In 5.0, the profile needed to highlight the statistics and elements that are most important. Again, the map is a top feature; it needed to be given ample space. We also knew (anecdotally) that people already loved to share their maps on Facebook and Twitter. We decided that showing a large native map with orange pins (dots) at the top of the profile was the most clear way to highlight the places you’ve been. We settled on a card-like layout for some of the stats we thought you should care about most.
Another profile page challenge was determining which stats needed to be the most prominent. In the end, we agreed that Check-ins, Places, Categories (with its own architecture and design elements), Streaks, and Mayorships were the most compelling insights based on feedback from new and longstanding Swarm users.
Two key design tips
Big releases don’t happen without a couple big takeaways. Here are mine:
- Get engineers involved at the beginning. Something I continue to strive to be better at is getting engineers involved earlier in the design process. At times, decisions were being made quickly and I’m sure I could’ve saved some time by vetting early designs by someone with a bit more technical knowledge to tell me if my idea is just too crazy and potentially outside the scope of the project. I struggled with this at times mainly because of the speed the entire team was moving. Sometimes a tiny design decision can have a large technical impact. It’s on me to continue to get engineers involved earlier to figure it out.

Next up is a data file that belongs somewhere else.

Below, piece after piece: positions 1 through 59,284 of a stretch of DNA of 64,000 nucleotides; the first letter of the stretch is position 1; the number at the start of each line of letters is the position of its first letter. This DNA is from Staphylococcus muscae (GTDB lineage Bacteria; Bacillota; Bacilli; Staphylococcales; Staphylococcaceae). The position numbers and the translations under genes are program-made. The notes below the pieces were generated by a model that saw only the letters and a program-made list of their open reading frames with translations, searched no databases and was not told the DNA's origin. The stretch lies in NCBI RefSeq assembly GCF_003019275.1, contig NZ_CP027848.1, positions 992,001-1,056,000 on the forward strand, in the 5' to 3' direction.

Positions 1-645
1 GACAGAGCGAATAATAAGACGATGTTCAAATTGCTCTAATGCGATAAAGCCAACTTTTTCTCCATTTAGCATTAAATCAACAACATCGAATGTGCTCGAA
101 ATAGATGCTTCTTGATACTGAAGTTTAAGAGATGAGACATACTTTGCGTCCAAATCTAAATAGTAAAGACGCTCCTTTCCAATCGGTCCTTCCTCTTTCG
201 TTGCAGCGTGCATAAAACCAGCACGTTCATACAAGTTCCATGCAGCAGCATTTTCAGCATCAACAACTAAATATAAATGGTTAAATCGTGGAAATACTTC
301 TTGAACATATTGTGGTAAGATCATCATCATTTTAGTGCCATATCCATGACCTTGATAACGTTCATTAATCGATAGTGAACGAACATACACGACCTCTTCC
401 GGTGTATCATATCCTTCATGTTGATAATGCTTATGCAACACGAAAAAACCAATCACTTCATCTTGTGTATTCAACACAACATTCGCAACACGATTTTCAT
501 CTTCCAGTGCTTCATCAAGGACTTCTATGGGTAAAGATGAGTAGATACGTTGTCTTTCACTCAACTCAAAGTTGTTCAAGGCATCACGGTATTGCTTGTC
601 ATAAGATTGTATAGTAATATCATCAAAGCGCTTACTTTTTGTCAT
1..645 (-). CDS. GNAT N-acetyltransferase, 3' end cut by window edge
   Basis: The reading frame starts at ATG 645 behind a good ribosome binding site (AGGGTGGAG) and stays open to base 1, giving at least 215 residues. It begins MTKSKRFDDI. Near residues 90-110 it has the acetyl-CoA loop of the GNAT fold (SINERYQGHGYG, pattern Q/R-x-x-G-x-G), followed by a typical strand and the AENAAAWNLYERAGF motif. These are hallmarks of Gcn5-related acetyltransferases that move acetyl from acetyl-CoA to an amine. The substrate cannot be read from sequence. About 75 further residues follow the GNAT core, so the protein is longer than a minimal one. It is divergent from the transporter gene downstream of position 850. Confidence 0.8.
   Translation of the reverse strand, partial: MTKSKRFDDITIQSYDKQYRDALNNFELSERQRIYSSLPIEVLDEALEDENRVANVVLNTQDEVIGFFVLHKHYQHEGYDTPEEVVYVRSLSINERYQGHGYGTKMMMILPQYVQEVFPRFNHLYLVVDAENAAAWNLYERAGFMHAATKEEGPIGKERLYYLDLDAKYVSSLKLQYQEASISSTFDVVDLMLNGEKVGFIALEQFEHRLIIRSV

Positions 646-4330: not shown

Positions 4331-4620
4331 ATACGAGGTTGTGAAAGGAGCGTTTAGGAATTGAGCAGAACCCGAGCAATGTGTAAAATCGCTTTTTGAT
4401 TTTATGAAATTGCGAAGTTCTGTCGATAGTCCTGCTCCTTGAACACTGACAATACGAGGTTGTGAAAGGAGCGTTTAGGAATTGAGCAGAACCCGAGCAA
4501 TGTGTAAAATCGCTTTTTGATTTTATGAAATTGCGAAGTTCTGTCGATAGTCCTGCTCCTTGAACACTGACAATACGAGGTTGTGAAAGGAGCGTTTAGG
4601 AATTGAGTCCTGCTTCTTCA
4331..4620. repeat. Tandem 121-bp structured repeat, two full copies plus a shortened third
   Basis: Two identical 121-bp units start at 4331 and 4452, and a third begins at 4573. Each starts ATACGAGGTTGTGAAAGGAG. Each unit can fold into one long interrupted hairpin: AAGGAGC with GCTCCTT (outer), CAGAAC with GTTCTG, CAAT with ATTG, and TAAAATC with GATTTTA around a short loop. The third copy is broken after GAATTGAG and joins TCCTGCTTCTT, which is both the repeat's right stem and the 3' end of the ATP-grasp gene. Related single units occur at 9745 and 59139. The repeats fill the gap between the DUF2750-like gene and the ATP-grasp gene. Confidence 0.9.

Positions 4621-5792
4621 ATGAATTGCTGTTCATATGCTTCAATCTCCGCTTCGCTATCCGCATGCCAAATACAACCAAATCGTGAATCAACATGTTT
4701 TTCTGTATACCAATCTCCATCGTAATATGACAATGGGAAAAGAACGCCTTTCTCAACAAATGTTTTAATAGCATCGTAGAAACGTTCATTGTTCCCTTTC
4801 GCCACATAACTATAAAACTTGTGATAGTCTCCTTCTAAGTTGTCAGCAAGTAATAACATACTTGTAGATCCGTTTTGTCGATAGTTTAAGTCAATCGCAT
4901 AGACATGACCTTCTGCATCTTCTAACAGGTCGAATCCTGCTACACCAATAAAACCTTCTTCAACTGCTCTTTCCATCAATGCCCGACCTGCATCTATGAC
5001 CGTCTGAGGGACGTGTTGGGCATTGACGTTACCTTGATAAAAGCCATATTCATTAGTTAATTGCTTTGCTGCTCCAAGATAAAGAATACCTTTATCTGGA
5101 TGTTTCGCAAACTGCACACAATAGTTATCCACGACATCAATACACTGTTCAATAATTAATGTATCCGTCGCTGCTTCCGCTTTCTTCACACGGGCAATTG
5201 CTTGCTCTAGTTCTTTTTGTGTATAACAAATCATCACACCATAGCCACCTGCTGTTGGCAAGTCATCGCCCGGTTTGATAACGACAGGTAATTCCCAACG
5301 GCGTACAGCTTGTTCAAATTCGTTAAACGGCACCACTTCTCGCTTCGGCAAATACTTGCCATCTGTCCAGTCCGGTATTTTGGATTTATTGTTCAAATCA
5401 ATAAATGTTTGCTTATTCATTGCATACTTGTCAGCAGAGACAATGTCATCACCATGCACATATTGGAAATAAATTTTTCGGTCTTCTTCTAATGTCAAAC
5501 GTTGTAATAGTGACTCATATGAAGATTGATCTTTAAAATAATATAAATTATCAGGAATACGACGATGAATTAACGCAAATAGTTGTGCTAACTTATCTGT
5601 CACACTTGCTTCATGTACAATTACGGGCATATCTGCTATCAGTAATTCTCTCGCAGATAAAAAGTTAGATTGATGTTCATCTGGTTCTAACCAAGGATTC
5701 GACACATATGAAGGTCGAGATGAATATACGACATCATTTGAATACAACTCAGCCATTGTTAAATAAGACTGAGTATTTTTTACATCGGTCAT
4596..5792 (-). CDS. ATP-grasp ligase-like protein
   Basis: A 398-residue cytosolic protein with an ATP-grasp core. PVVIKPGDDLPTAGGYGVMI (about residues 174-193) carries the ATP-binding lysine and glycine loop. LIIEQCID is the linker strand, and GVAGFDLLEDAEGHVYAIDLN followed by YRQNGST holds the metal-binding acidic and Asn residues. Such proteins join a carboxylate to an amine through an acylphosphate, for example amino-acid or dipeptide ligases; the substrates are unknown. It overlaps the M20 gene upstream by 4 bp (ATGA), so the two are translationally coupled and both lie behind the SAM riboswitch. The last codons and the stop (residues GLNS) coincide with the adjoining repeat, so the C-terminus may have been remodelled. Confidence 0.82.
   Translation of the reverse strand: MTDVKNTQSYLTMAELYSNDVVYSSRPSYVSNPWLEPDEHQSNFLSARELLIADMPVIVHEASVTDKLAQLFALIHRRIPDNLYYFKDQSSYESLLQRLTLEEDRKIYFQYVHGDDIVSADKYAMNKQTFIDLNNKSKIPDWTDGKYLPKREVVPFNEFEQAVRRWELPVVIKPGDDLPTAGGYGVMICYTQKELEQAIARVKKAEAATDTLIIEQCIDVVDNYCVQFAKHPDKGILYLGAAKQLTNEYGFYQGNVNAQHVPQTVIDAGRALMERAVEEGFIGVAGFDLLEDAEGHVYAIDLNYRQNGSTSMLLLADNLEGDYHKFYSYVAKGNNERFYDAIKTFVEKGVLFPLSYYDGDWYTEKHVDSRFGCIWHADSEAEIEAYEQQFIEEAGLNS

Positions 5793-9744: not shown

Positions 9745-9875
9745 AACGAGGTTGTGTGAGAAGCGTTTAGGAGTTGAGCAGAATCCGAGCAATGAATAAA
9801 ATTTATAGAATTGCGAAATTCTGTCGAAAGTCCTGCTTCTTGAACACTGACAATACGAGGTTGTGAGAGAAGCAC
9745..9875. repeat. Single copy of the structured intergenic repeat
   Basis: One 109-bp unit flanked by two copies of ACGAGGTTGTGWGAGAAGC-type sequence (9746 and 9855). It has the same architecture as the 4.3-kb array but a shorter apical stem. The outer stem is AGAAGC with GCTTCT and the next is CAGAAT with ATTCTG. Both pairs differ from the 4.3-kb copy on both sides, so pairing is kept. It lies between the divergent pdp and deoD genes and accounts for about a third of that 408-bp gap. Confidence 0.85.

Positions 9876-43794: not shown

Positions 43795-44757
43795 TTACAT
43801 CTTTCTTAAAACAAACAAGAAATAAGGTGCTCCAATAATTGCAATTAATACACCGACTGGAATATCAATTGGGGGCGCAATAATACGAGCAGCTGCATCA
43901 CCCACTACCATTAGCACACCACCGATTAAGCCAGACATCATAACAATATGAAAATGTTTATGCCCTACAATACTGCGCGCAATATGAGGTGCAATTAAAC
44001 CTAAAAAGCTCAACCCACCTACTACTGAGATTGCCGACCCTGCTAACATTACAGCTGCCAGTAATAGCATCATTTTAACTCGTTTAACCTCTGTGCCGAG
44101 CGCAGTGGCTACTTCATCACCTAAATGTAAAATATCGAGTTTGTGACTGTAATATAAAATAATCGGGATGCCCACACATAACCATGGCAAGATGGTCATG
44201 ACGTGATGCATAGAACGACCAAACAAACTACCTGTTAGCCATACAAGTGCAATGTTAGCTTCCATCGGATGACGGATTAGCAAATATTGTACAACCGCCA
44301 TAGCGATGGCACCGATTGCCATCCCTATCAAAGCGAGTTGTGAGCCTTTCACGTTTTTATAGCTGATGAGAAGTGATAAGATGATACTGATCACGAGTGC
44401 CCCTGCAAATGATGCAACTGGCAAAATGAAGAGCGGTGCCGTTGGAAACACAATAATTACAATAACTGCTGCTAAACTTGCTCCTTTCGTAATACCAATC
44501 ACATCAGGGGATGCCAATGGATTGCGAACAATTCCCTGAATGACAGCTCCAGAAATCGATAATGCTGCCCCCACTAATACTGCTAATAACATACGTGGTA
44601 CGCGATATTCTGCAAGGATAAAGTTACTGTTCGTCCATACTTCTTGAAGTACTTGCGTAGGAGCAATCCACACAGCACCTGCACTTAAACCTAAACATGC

- Share early, share often, and sort through the clutter. I tell myself this going into every project and/or feature that I work on (though I’m not always great at it). There are a lot of people and teams that want to be included in early design directions, but it’s not always feedback that’s actionable. Sometimes it’s hard to cut through some of that to get a clear and meaningful opinion. It’s always good to remember that just as it’s important to share, it’s your job as a designer to take in all the feedback and use it to make informed decisions.
Looking back on all the planning, prototyping, researching, designing, and building — launching Swarm 5.0 has been a huge feat. The engineering team rewrote many core views in Swarm and almost every screen was changed in some way. 20+ people were dedicated to working on the Swarm team over the past eight months, including Sam Brown and Jack Osborne specifically, who helped out on design work.
Soooo what are you waiting for!? Download Swarm 5.0 now. We hope you like it.